Overcapacity will continue to plague real estate developers in 2009.
In Shanghai, Zhou Lin almost has it all. The 27-year-old has a steady job with an auditing firm and a new husband. Now she and her spouse are looking for the next piece of the newlywed puzzle. Her husband already owns an apartment in Beijing, but Zhou’s family wants them to buy something close to home in Shanghai and she’s been scouring the city’s Putuo district for deals.
Three key questions arise from the recent sale of stakes in Chinese banks by their global counterparts, two of them widely asked, one not. Observers are wondering what the impact will be on global banks’ relations with China, and what will happen when the lock-ups on foreign bank stakes in ICBC expire in April. Rather fewer are asking if, irrespective of the global lenders’ capital positions, this is anyway a good time to be bailing out of Chinese banks.
As soon as Bank of America shelved a deal to shift some of its stake in China Construction Bank in December, many observers leapt to a swift conclusion: China had nixed the deal because it didn’t like the idea of the sale, or the timing. It is understood that Bank of America chairman and chief executive Ken Lewis pulled the sale after speaking with his opposite number at CCB, Guo Shuqing, but state pressure is unlikely to be the full story, as subsequent events have demonstrated. It appears that at least part of the reason was a technical and legal issue springing from the fact that Bank of America’s stake had been amassed in two different purchases with different lockup periods, and it was unclear what rules on allocation of profits would apply to the mooted sale; the fact that the sale did go through less than a month later supports the view that it was a technical delay rather than a veto. Subsequent sales of Bank of China stakes by UBS and Royal Bank of Scotland also undermine the view that China has tried to block sales.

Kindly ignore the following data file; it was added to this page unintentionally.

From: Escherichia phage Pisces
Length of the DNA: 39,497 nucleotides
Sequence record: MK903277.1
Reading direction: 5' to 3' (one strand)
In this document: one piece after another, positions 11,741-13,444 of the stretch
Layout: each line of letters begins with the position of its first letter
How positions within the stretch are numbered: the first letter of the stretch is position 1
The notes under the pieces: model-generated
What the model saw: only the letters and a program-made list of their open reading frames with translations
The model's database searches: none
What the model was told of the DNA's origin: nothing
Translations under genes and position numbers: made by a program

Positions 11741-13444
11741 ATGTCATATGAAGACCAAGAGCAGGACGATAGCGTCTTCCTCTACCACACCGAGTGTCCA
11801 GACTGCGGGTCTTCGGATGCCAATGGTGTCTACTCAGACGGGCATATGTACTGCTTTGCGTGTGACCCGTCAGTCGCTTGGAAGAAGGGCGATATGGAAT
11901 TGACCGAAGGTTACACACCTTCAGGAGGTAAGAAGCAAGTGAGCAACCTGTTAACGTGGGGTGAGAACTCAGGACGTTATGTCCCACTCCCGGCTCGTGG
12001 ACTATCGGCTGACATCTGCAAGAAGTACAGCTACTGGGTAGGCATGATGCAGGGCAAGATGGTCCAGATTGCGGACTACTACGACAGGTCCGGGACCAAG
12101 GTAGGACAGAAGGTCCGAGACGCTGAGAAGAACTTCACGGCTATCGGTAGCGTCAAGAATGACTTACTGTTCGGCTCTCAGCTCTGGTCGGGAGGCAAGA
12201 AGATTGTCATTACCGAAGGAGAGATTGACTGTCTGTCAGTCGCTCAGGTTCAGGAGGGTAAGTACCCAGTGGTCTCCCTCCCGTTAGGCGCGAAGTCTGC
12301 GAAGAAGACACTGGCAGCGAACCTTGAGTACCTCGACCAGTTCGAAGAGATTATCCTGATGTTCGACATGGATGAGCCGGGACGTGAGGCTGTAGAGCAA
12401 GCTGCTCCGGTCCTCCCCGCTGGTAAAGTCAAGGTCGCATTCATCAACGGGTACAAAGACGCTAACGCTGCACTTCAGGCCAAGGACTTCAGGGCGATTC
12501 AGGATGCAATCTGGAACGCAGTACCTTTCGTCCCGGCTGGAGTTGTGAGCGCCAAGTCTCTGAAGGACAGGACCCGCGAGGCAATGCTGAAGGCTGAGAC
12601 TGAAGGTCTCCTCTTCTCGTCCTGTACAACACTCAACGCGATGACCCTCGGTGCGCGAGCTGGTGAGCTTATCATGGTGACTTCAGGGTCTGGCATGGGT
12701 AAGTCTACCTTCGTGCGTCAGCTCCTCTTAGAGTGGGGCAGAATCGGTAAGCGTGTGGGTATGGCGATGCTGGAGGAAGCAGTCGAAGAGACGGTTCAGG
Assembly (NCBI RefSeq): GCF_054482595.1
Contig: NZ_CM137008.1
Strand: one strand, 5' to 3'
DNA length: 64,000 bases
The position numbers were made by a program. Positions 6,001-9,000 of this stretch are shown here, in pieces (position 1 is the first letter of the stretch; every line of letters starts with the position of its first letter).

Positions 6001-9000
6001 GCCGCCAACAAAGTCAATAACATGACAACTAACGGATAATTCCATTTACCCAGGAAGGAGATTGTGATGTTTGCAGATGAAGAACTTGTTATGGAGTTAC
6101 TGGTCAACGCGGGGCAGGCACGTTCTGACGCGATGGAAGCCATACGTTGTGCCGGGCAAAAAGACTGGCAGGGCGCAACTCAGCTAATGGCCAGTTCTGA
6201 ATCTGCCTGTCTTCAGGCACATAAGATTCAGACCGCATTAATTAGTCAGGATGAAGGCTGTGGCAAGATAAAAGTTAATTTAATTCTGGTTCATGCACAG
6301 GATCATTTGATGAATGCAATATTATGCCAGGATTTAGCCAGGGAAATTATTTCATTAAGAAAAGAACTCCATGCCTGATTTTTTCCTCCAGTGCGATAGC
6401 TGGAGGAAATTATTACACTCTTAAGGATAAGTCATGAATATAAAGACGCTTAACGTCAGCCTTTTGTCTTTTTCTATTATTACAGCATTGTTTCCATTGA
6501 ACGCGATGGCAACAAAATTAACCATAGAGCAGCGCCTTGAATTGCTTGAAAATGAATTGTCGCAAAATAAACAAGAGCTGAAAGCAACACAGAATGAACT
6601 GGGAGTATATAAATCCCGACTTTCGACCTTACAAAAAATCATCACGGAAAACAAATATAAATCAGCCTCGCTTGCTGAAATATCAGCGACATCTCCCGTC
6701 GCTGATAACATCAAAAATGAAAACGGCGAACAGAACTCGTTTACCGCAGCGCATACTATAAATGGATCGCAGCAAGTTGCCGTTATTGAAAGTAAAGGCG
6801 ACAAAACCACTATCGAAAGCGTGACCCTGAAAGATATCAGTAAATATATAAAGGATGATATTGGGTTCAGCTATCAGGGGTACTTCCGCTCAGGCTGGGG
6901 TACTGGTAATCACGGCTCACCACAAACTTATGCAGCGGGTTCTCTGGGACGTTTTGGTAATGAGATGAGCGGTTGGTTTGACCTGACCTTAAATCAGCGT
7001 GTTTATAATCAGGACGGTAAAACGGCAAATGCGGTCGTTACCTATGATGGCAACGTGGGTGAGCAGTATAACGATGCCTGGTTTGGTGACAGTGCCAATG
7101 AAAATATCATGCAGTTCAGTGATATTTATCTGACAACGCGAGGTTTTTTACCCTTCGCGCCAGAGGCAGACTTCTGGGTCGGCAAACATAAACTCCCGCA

The groups tasked with selling off China’s bad debts face a challenge in keeping investors interested.
December 31 was significant for China’s financial industry. This was the day when the first wave of bad loans from the Big Four state banks – US$170 billion taken off their books in 1999 – was supposed to be cleared.
The deadline wasn’t met but the work of the asset management corporations (AMCs) set up to manage the non-performing loans (NPLs) was not the embarrassing underperformance expected this time last year after much foot-dragging over sales.
During the past two decades, investors have been following the global trail of nonperforming loans from one economy to another.
These days, that trail is leading to China, where investors who see opportunity in troubled loans have been buying such loans, or NPLs — many of which were spawned more than 10 years ago. And now the market could expand further if China is hit with another wave of defaults driven partly by the large amount of debt created by the country’s recent real-estate boom, says Jack Rodman, a Beijing-based partner at Ernst & Young LLP.
A major part of China’s current reform efforts involves strengthening the financial system and re-structuring and re-capitalizing, or selling, most of the companies still owned by various levels of government. Estimates of the number of remaining state-owned enterprises (SOEs) varies from 30,000 to 50,000 depending on the percent of state ownership involved. Non-performing loans (NPL) held by the commercial banks in China are estimated to be about 13% of total lending.
Center Director, Penny Prime, talked with Phil Groves, President of DAC Management, LLC., a distressed asset management company. Mr. Groves has been involved in evaluating and participating in the market for these companies and NPLs in China for the last several years.